University of Florida

New Palm Problem

Florida’s state tree, the cabbage palm, has been standing strong and tall for centuries. But cabbage palms in areas of the state are dying, and experts believe that a type of bacteria called phytoplasma is to blame.

Researchers have identified affected cabbage palms in Hillsborough and Manatee Counties with symptoms that include a greater than normal amount of dead fronds in the lower canopy and death of the central leaf spear prior to the death of all other leaves.

Palm specialists believe that the decline in cabbage palms (known botanically as Sabal palmetto) is caused by the same phytoplasma that causes Texas Phoenix palm decline, a disease which has been confirmed in Sarasota, Pinellas, Hillsborough and Polk Counties.

The disease can be difficult to identify since over-trimmed palms and improperly fertilized palms in the landscape will show many symptoms that are similar but unrelated to this disease.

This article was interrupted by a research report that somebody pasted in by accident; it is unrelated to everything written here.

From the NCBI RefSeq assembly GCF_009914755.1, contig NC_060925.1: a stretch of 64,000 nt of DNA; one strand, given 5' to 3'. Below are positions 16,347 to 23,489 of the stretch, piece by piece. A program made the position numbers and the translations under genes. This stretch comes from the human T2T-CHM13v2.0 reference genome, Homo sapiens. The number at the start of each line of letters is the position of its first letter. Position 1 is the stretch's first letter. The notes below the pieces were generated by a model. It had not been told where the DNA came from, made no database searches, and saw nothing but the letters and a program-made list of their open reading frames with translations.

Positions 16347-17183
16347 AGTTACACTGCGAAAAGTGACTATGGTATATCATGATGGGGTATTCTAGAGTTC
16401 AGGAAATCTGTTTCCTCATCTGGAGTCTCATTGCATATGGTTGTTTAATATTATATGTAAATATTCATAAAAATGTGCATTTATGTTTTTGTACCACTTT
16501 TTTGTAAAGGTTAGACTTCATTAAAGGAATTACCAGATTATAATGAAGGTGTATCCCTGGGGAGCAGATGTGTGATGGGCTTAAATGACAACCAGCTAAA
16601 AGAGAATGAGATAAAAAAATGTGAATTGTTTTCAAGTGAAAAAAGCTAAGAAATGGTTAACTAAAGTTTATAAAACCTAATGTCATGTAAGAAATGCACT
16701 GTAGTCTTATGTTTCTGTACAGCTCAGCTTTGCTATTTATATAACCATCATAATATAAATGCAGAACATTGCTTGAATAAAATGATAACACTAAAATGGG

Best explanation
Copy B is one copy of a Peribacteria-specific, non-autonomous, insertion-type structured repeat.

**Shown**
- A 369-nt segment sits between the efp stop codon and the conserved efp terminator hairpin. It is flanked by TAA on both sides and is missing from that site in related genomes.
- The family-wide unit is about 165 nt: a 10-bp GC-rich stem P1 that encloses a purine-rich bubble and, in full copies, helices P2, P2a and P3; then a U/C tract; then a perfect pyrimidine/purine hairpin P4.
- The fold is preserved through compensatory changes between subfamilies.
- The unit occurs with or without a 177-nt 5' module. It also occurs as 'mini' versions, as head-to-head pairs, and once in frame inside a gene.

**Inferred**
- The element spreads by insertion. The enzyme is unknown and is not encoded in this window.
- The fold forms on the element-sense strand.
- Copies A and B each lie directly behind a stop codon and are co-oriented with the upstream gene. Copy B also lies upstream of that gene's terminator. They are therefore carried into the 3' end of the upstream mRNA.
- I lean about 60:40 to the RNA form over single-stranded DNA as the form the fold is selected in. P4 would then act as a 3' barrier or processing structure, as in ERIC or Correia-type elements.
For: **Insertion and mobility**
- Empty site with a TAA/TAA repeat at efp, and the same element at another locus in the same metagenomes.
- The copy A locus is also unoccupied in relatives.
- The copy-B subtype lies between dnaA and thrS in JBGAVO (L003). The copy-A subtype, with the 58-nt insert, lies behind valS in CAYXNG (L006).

A new palm diagnostic key can help people determine what’s going on with potentially affected trees. Also watch for a new EDIS document called “Palm Problems: Field and Laboratory Diagnosis” (PP166) that will be released in August or September 2008.

If you think a palm might be affected, you can try an injection of oxytetracycline (OTC), which is known commercially as Tree Saver and has been known to help control phytoplasma diseases. The antibiotic is best injected by a professional arborist, typically three to four times per year. Resist the urge to cut down a tree just because it may become sick.

The strength of the cabbage palm has been legendary—the palm-trunk walls of Fort Sullivan in Charleston protected soldiers from cannon-fire during a British invasion in 1776. Now more than two hundred years later, researchers are searching for a way to help protect the palms.

More Information

A Lethal Phytoplasma Disease of Sabal palmetto on Florida’s West Coast--UF/IFAS Ft. Lauderdale Research and Education Center (PDF)

Mysterious Disease is Killing Florida’s State Tree



Written by:

Kimberly Taylor
Center for Landscape Conservation and Ecology
(352) 392-1831 x263